©Steve Bottom


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Scientific name: Talpa europaea
This stocky, brown mammal spends its life burrowing underground with its spade-like paws, hunting for earthworms to eat.

Top facts


Length: 15cm (plus a 4cm tail) Weight: 70-130g Average lifespan: 3-4 years

Conservation status


When to see

January to December


Moles are very rarely seen as they spend most of their lives underground. They are stocky animals, with a wedge-shaped body and short tail. They use their spade-like paws to dig tunnels and hunt for their favourite meal of earthworms. They also like to eat underground grubs that would usually feed off crops, so moles can help to control unwanted visitors!

By digging up the earth, moles help make the soil healthier by aerating it. This allows more types of plants to grow, which in turn feed more insects. Not only this, their tunnels improve soil drainage, which helps stop flooding and huge puddles forming on the ground. Moles truly are the unsung heroes of the animal world!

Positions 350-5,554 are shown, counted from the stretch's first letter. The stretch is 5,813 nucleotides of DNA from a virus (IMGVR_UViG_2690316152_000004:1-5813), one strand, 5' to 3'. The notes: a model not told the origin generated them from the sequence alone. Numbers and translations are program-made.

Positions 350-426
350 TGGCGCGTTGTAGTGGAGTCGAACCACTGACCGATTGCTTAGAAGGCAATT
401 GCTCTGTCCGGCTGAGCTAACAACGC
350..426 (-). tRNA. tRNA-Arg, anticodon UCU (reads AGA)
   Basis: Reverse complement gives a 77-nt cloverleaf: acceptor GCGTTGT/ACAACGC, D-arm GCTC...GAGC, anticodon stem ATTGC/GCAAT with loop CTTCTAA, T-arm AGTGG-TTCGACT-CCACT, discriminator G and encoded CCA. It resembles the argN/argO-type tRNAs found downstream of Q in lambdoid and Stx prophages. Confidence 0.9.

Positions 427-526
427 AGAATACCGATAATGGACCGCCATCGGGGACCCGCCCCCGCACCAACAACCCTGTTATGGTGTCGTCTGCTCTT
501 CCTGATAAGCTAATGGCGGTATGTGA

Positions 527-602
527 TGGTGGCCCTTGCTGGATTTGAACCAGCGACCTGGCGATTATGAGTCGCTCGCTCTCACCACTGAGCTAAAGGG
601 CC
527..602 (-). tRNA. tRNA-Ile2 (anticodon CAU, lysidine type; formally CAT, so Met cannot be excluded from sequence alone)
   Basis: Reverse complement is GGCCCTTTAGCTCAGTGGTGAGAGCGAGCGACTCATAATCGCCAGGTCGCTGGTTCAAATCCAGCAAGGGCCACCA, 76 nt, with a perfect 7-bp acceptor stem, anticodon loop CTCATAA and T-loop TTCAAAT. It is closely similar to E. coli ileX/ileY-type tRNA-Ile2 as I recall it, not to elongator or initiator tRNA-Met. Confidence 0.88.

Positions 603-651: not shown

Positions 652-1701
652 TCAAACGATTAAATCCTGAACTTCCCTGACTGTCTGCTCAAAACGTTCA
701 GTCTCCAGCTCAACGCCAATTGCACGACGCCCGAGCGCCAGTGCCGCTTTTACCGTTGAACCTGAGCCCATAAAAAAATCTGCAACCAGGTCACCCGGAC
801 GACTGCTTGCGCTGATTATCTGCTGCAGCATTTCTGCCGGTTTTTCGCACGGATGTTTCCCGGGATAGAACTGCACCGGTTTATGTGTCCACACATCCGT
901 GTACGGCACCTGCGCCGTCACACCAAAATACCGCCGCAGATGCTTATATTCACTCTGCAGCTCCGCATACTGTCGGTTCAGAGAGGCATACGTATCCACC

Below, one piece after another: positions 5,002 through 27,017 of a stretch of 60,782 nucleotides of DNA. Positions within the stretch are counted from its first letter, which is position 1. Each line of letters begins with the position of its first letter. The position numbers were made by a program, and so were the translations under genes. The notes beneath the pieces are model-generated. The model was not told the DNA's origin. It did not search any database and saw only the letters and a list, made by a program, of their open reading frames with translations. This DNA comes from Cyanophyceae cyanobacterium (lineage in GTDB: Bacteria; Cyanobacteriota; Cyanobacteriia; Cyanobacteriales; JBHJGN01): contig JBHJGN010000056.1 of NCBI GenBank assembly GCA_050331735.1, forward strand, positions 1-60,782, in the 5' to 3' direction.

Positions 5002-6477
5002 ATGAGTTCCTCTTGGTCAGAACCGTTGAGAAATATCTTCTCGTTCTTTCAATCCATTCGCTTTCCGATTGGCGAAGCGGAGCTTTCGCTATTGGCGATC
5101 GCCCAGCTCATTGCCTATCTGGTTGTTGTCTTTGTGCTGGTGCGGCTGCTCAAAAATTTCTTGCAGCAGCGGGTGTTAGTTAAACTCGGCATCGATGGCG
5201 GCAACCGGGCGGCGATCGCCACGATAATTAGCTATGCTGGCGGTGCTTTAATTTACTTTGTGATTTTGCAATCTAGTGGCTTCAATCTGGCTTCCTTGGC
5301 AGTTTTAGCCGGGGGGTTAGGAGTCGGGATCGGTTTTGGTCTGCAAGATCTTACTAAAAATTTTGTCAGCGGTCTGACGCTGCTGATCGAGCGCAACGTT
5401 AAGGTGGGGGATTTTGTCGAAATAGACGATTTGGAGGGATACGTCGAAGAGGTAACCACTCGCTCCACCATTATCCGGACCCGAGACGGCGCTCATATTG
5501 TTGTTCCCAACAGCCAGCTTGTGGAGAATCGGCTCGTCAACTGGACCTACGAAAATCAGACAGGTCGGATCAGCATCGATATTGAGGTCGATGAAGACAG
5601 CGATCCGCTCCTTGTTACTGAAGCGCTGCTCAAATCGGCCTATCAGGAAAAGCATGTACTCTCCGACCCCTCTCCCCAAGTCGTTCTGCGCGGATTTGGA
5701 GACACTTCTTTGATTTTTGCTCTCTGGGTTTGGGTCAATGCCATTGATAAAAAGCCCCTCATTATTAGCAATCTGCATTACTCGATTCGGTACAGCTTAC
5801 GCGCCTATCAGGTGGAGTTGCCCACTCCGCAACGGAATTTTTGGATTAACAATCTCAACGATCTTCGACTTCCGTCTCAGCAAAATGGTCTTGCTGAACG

What to look for

The mole is unmistakable. It is a stocky little animal, covered in black, velvety fur, with tiny eyes, a long, pink nose and two big, shovel-like 'hands' for front paws. You're more likely to spot mole hills (the piled-up earth from their burrowing) than the moles themselves.

Where to find

Widespread, but absent from the Isles of Scilly, most Scottish islands, the Isle of Man and Northern Ireland.

Did you know?

A mole can dig up to 20 metres of tunnel in a day using its spade-like forepaws to effectively breaststroke its way through the soil. Every now and again, loose soil is pushed up to the surface, resulting in what we see as a mole hill.

The mole's velvety coat helps it to move easily through the soil, and its mouth and nose are protected from debris by their down-facing position.

How people can help

Tarmacking and increasing numbers of hard surfaced gardens mean that moles are being pushed out of their natural habitats. Why not help green up the grey by making your garden a home for wildlife